Google to Cut Food Waste at Facilities through Sourcing Changes, Kitchen Improvements

(Credit: Google)

by | Mar 9, 2022

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(Credit: Google)

Search engine giant Google announced plans to reduce food waste at its facilities earlier this week spanning the entire lifecycle of food served at Google, from where it’s produced to how it’s consumed and what is done with leftovers.

Google committed to cutting food waste in half for each Googler and sending zero food waste to the landfill by 2025. To do so, it aims to prevent waste during food sourcing and procurement, improve its kitchens and cafes, and make sure excess food is repurposed or disposed of properly.

Google’s food team serves hundreds of thousands of meals to employees in 56 different countries. On the front end, it works with manufacturers, processors, suppliers and distributors to source sustainably, for instance by purchasing imperfect produce “unfit” for grocery stores and selecting food products from upcycled ingredients — like broth made from vegetable trimmings from a processing plant. In the kitchen, Google employs technologies that allow food waste tracking that informs chefs on how to better prepare, cook, and serve. These strategies have helped divert 10 million pounds of food waste since 2014 — the equivalent of taking 5,000 cars off the road for a year.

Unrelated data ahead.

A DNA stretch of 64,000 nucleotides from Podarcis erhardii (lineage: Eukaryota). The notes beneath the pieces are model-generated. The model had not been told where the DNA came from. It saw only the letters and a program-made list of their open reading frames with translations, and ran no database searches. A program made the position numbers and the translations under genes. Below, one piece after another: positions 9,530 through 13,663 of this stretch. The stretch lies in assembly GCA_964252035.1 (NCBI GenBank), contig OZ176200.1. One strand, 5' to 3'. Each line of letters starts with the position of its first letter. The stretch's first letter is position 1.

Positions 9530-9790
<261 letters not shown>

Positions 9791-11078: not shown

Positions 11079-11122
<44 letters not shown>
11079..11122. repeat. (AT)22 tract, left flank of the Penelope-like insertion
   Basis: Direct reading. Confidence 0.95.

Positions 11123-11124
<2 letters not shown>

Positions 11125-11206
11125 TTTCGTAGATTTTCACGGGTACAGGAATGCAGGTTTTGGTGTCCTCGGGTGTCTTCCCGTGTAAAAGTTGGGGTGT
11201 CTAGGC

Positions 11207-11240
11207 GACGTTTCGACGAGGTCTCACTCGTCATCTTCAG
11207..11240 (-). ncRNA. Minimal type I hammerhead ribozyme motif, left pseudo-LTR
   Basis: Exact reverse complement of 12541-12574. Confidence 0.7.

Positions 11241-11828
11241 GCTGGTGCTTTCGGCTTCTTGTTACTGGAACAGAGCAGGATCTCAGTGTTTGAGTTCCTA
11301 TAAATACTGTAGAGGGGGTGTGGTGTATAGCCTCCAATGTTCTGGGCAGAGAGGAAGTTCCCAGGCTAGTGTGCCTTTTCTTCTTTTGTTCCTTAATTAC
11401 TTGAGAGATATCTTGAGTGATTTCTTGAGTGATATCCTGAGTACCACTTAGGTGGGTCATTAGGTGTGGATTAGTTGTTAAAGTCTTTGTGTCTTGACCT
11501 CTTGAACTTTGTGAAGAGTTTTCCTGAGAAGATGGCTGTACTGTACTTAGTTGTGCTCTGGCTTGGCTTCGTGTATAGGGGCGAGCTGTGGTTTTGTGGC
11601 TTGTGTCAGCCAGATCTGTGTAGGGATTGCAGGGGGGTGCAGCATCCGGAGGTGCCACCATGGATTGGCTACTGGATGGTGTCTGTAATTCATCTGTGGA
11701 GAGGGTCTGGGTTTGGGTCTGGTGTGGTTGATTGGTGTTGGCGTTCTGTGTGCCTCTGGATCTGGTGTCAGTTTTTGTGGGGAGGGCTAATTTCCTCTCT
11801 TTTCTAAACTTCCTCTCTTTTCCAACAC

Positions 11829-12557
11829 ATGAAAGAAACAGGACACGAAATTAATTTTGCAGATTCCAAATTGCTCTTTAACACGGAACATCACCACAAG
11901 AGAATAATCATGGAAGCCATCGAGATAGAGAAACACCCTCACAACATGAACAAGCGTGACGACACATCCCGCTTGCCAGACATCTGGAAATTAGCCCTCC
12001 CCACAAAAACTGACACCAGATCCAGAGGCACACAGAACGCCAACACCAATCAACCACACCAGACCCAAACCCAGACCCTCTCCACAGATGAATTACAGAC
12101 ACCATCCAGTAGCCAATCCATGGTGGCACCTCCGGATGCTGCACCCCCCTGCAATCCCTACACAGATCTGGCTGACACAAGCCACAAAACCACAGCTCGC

Doubling down on food sustainability, Google plans to leverage innovation and technology to further reduce waste. One of its ideas is to utilize produce that would otherwise be trashed for creative menu options, for example slaw made from peeled and shredded broccoli stems. Google will also strengthen its food donations to make sure unconsumed food fills stomachs instead of landfills.

With regard to food left on the plate, Google is working to improve its waste separation systems to make sure composting works everywhere. To this end, it is piloting technology that can process organic waste onsite and smart waste collection containers that can better sort trash.

Google’s food sustainability vision extends beyond its own operations. It is already working with agricultural and food service partners to improve supply chain transparency, traceability, and data tracking to better manage and distribute excess food.

Last September, Google launched a “moonshot” initiative of  “24/7 carbon-free energy by 2030.” Google already achieved carbon neutrality in 2017 by offsetting its fossil fuel–generated electricity consumption with renewable energy purchases. The company is now going a step further by attempting to move beyond carbon offsets and operate on a truly carbon-free basis.

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